HONOLULU (HawaiiNewsNow) - As tropical systems Julio and Iselle's paths are expected to pass over the Hawaiian Islands later this week, The Humane Society of the United States reminds residents to include pets in their disaster preparedness plans.
While the path and force of Iselle is still uncertain, the storm could produce high winds and flooding. Residents in the potential areas of impact should stay up-to-date on the storm's progress, including bringing animals inside to protect them from flooding or loose debris should the winds strengthen. Pet owners should have an emergency plan and kit that includes their animals, and always be informed about the potential for evacuation in their area should the storm strengthen.
Inga Gibson, Hawaii senior state director for The HSUS, advises: "If it's not safe for you; it's not safe for your pet. If you must evacuate, then please take your pets with you."
The HSUS reminds pet owners to create a pet emergency kit that is available if people should have to shelter in place or evacuate. Be sure to put a collar with visible identification on pets, including indoor-only pets. The kit should include:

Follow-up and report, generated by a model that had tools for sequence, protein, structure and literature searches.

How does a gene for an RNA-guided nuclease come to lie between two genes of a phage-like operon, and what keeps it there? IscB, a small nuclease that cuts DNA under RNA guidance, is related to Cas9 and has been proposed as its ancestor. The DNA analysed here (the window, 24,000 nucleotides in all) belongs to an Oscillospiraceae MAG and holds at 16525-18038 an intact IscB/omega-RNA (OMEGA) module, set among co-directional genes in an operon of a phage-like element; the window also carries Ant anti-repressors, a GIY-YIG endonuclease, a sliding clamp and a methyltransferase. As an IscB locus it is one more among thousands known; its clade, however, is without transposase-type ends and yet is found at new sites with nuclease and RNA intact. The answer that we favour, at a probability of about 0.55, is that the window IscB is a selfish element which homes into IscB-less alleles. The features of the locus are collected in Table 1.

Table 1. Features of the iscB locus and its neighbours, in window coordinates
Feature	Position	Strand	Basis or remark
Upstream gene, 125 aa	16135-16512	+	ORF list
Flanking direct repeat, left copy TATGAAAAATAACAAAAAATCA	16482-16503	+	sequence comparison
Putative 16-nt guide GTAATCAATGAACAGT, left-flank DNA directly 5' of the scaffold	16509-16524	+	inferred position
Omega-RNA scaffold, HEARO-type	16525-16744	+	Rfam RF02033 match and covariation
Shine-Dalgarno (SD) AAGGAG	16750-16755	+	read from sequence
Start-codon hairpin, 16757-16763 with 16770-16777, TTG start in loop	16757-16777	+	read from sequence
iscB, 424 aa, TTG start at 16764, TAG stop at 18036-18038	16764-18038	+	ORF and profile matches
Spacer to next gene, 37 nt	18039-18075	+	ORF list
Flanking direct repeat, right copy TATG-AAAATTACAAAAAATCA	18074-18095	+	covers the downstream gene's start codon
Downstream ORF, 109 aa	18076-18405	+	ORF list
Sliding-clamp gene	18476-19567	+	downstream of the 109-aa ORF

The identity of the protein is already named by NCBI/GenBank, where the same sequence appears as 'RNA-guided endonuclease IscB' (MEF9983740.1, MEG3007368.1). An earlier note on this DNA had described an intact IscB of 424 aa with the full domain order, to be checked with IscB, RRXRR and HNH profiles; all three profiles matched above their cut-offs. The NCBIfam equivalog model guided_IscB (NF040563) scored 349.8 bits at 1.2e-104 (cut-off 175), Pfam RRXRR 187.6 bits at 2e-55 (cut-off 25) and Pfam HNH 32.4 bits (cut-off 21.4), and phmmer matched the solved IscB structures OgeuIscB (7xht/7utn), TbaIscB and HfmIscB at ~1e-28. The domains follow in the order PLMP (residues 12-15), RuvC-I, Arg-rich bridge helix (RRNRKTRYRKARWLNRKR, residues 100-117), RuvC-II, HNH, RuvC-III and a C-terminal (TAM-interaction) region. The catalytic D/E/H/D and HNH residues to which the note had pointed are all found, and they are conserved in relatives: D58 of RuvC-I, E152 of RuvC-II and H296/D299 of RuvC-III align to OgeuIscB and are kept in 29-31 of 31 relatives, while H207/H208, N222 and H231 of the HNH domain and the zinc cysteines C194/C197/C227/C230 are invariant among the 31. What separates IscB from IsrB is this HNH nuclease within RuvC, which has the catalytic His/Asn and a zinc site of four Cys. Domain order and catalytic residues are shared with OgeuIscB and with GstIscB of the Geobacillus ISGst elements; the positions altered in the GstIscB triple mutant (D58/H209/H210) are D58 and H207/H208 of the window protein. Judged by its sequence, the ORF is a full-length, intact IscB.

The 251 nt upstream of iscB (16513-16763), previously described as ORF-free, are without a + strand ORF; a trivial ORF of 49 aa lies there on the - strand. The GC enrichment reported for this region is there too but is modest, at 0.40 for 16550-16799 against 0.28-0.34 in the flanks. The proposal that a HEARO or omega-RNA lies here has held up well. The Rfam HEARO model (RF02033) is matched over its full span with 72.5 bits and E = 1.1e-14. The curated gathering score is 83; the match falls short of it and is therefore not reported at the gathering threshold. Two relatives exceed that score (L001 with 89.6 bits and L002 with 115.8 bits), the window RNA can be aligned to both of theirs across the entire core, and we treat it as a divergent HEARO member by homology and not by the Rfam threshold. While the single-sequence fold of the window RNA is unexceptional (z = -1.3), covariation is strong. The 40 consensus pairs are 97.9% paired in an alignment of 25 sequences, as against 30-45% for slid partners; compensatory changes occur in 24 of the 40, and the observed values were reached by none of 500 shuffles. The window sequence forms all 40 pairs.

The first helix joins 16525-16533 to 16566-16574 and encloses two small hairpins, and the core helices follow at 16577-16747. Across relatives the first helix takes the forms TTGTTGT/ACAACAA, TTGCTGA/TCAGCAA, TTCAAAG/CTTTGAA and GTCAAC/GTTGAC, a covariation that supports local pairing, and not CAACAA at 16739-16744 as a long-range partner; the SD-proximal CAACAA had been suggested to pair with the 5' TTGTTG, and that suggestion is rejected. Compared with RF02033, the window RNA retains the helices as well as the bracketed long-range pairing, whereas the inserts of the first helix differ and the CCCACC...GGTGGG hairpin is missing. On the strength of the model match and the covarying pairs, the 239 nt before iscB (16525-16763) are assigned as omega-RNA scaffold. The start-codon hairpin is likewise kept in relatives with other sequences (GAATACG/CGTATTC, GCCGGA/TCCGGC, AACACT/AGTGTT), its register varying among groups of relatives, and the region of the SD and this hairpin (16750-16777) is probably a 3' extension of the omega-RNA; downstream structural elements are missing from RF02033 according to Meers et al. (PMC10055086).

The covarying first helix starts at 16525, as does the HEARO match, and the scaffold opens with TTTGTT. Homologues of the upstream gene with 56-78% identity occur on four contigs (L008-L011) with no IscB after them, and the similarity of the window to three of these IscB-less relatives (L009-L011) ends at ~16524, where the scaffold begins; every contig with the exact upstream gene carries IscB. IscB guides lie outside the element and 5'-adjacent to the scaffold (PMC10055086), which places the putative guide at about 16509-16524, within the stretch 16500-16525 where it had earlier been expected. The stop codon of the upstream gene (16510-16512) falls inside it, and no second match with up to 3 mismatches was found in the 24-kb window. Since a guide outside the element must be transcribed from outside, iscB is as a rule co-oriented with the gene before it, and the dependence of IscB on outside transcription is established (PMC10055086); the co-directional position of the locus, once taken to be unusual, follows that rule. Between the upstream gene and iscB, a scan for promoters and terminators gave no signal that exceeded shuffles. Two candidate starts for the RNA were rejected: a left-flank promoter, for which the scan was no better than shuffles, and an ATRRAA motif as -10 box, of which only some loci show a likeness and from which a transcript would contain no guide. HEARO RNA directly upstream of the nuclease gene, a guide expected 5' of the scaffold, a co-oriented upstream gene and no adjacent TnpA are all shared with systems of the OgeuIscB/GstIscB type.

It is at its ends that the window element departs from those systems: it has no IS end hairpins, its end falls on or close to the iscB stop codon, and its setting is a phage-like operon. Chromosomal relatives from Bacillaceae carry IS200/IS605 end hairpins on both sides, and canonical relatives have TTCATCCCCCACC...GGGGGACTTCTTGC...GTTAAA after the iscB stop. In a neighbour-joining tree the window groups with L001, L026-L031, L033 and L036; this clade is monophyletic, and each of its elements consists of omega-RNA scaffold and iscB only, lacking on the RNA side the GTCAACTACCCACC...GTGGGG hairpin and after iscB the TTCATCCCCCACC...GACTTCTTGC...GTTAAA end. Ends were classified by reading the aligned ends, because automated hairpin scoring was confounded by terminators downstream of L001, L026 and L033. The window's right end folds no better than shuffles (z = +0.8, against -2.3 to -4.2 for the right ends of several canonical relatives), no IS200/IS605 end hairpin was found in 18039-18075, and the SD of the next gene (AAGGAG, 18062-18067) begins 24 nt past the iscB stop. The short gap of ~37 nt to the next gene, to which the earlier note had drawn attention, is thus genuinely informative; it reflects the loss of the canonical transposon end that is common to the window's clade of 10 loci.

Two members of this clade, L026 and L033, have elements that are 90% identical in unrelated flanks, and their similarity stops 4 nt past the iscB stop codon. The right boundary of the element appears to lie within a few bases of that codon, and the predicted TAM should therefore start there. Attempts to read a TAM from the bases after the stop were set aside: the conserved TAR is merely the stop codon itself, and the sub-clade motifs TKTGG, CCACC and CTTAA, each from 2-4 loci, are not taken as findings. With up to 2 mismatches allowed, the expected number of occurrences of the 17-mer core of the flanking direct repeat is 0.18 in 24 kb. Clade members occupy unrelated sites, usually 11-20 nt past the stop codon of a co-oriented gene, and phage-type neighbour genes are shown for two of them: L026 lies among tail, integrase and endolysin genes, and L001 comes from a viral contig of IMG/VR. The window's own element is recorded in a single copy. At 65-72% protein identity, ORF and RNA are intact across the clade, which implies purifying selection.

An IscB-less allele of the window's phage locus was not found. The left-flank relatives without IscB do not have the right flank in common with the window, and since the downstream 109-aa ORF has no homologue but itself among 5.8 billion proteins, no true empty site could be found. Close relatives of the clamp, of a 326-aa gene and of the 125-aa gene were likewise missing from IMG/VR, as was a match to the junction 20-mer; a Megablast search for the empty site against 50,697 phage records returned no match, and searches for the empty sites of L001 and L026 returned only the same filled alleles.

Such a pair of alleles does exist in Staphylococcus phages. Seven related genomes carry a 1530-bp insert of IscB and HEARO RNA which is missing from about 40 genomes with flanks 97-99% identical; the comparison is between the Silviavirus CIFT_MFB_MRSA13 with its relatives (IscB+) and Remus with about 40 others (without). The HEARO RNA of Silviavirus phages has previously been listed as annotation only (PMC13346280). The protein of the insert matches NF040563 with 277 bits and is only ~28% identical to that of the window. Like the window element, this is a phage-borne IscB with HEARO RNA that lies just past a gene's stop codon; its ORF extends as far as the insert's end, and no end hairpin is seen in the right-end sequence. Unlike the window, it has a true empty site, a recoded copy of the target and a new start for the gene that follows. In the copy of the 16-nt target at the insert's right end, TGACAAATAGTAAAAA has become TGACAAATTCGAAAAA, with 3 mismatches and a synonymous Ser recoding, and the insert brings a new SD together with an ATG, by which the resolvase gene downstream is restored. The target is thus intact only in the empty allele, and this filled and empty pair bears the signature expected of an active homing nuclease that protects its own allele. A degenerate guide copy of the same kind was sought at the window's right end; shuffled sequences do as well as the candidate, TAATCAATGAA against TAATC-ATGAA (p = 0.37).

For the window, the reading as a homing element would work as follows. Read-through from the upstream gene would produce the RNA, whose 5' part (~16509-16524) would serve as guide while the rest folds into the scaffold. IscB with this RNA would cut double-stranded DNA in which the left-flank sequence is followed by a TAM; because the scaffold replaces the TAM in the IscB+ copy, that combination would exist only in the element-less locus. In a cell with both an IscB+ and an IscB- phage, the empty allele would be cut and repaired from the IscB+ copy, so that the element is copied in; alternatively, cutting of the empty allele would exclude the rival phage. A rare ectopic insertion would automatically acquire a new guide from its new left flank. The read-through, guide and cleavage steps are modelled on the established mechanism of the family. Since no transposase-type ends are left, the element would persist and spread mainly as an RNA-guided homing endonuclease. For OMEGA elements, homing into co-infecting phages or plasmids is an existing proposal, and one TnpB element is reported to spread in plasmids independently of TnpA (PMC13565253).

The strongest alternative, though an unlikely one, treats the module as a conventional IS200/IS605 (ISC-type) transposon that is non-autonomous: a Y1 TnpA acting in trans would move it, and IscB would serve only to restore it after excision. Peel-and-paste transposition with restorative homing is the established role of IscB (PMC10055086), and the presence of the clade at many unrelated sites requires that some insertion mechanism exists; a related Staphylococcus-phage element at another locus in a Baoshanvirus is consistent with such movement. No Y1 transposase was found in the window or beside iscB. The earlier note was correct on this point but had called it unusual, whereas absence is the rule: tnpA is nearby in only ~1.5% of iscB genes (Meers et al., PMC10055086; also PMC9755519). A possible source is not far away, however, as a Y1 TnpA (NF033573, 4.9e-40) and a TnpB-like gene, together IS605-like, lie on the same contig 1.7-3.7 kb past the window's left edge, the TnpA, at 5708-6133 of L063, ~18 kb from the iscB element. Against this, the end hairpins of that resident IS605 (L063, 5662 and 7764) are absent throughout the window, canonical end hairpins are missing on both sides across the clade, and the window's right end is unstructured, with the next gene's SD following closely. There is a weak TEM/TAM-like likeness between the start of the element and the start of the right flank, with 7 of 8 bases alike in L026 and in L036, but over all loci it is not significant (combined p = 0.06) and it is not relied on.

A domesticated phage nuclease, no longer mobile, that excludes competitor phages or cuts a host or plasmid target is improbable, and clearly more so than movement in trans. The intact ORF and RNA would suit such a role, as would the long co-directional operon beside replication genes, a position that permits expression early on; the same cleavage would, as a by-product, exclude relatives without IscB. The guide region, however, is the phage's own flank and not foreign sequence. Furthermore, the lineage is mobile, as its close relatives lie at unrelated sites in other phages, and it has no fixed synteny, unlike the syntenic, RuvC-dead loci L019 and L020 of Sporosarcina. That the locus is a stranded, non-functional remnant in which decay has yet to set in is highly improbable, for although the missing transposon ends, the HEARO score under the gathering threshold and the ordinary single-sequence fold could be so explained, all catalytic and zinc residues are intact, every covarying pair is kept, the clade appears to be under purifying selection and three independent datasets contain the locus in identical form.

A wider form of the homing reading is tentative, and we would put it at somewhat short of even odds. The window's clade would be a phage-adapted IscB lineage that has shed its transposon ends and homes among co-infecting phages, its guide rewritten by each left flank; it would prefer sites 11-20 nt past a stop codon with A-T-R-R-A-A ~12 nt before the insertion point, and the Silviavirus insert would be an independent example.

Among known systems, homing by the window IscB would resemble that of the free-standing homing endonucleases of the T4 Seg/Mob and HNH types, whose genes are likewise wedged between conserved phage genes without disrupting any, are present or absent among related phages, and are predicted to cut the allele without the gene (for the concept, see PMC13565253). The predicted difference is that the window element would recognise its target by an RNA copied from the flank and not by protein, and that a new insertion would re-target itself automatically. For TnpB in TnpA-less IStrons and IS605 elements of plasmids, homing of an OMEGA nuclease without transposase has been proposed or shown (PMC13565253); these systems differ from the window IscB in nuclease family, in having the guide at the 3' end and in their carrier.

• Five-or-more-day supply of food in airtight, waterproof container, and drinking water. Be sure to include a can opener if including canned food.
• Bowls for food and water
• Current photos and physical description of your pets, including details on markings. Ideally you should also be in the photo.
• Medications, vaccination records and pet first aid supplies
• Comfort items such as a toy and blanket
• Small garbage bags
• Paper towels
• For dogs include: leash, harness with identification information and a sturdy carrier large enough to use as a sleeping area.
• For cats include: litter and litter box, collar with identification information and a sturdy carrier large enough for transport
Pet owners should be aware that many evacuation shelters do not accept pets, and they must plan their destination in advance. Please check with local animal shelters or emergency management offices to determine if a pet friendly emergency shelter will be set up in your location. Pet owners should remember that having their pets microchipped dramatically increases the chance of reunion if their pet becomes lost.
More than 60 percent of Hawaii households have a pet. A Zogby International poll, conducted after Hurricane Katrina, found 61 percent of pet owners will not evacuate if they cannot bring their pets with them.
For more information on how to prepare for disasters, visit www.humanesociety.org/prepare.